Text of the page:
As a pilot program to intervene in opioid overdoses in Jacksonville reports continued success, a plan to create a permanent epidemic panel and city treatment trust fund is taking sharper shape.
At a Tuesday meeting of City Council’s special committee on the opioid epidemic, Councilman Bill Gulliford said he was heartened to see City Hall’s Lynwood Roberts Room packed with attendees and that the city was making progress in combating opioid addiction.
“I think we’re progressing as well as could be expected with an underfunded effort and you know, it’s going to take a lot more money than what we’re talking about now, but at least we’re getting an idea and we’re getting educated. So, that’s a good thing,” he said.
Gulliford hopes that financial gap is closed soon, though. Tuesday, he unveiled the first draft of a measure workshopped in May. It creates a special city trust fund, populated with private donations that then can service grants to local treatment programs that fit application criteria and show promise.
The bill would also create a permanent panel of city experts working in a variety of positions along the opioid treatment matrix — including physicians, public health experts from the county health department, an advocate for the homeless and more. The panel would be in charge of evaluating grant applications and recommending funding allocations to City Council. That’s in addition to studying broad city trends in addiction.
Right now Gulliford envisions at least seven on the committee with staggered terms, but that could change before he officially files the bill in mid-August, he said.
Treatment programs funded through a forthcoming opioid addiction trust fund would be in addition to a continued city effort with Project Save Lives. The pilot program uses peer recovery specialists to intercept overdose victims in the emergency room and ask if they want treatment. It’s quickly outgrowing its network of three ERs. Pomm hopes it can expand by four.
“Detox is bursting at the seams,” said Dr. Raymond Pomm, who heads the project.
Pomm said since the program’s start last summer, not a single participant has died, only three have overdosed again, almost half have been moved into traditional residential treatment, some haven’t gone into in-patient treatment but have kept contact with peer recovery specialists and many fewer have disengaged the program altogether.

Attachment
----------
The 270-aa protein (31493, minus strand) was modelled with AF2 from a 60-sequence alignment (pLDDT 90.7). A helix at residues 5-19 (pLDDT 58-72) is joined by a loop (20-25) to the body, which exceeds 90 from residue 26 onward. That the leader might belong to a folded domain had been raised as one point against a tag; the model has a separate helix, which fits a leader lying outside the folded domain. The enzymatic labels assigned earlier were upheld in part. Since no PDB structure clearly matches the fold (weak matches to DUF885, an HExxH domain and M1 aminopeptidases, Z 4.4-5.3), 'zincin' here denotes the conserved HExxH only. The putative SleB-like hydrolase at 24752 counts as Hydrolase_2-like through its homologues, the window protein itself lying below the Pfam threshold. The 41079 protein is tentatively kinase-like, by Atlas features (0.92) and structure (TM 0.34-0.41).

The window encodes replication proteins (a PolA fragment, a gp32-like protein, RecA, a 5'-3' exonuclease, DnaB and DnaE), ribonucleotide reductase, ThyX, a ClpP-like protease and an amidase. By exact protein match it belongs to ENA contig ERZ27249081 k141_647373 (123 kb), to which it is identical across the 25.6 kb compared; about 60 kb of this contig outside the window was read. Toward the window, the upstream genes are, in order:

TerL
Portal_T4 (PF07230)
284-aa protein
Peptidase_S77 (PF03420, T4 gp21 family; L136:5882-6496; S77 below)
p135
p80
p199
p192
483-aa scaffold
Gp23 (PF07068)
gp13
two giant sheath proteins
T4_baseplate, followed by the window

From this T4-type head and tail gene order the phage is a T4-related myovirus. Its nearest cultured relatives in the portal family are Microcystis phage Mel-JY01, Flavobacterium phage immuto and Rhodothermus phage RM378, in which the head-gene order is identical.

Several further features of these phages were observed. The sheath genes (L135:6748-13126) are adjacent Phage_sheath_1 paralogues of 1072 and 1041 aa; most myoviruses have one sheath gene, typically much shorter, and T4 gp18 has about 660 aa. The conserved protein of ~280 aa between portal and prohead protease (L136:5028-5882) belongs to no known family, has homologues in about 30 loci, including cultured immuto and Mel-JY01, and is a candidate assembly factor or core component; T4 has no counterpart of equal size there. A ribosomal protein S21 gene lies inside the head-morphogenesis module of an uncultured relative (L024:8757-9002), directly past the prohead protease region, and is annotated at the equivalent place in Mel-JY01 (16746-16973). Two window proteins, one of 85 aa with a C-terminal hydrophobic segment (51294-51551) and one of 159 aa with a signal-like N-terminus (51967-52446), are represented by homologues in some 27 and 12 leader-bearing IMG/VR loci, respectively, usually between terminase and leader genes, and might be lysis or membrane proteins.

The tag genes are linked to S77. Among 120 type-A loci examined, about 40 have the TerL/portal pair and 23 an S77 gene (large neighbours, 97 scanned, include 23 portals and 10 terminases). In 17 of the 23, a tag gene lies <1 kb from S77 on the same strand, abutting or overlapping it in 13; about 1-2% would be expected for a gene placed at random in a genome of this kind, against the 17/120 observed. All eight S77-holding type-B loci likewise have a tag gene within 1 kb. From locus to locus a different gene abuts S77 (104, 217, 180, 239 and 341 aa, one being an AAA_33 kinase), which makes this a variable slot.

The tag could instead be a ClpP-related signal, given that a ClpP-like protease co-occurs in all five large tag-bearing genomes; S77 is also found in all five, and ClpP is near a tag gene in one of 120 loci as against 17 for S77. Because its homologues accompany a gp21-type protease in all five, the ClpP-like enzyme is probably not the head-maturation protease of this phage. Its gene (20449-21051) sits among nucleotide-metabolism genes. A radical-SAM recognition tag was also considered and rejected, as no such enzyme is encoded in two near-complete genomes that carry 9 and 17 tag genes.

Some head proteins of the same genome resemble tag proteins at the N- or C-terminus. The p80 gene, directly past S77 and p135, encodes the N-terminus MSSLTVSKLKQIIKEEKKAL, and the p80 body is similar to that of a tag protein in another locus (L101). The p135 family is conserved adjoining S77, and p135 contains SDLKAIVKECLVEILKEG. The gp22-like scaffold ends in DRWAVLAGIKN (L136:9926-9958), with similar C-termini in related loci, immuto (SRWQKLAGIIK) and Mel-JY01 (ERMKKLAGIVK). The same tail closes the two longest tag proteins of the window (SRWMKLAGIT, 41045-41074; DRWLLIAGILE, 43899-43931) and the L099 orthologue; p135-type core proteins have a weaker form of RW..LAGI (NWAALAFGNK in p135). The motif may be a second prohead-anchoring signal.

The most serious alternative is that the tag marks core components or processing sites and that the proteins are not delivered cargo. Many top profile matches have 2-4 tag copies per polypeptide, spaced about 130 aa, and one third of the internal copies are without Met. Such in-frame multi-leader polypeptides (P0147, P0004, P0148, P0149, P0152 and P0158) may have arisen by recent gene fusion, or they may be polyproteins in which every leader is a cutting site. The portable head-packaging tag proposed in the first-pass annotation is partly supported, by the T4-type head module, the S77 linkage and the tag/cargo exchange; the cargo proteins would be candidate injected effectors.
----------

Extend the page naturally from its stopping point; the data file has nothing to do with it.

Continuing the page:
Project Save Lives is also under budget. Mayor Lenny Curry is proposing allocating $240,000 to the program next fiscal year, though that money is part of an existing funding carryover.
The project is “keeping people alive,” and makes it more likely they’ll eventually enroll in rehab Pomm said, but it’s a double-edged sword.
The addiction specialist, who is also the medical director for Gateway Community Services, said the city rehabs just don’t have enough space to treat everyone. That’s spurring another idea from Gulliford: Directing Joe Namey from the city’s Land Distribution Department to find abandoned motels that could be “suitable facilit[ies] for residential housing of recovering addicts.”
“I don’t know how we’d fund it — the renovation or the purchase — but hey, if we can target something, maybe we can come up with the funding,” Gulliford said.
Further exasperating the drought of recovery residences is the fact that most traditional rehab clinics require absitenence. Recent addicts, especially those going through Project Save Lives, are usually prescribed an opioid replacement like buprenorpherine which makes them ineligible for these centers or halfway homes.
According the Jacksonville Fire and Rescue Department, city overdoses continue to tick down, with 272 overdose calls made to rescuers in June as compared to 312 in May. But that doesn’t necessarily mean less people are using or that heroin is no longer being laced with the potent synthetic opioid fentanyl. Pomm reiterated Tuesday, what he told WJCT in May.
Pomm said around the same time as Project Save Lives got off the ground drug dealers began using a less powerful opioid to keep their customers from dying.
“So, what they began doing was diluting fentanyl with another form of fentanyl, keeping people addicted to fentanyl, but not being so powerful as to kill them so easily. So we’d find a drop off in the death rate. At the same time, acetylfentanyl is much more responsive to Narcan, therefore not requiring as much Narcan,” he said.
Narcan is a prescription medicine that reverses the effects of opioid overdoses.
Pomm said this theory has been evidenced by urine tests results from his patients in the pilot program and at Gateway Community Services and data he’s received from the medical examiner’s office, who’s also informed Pomm that 80 percent of the cocaine found in the systems of dead overdose victims is laced with fentanyl.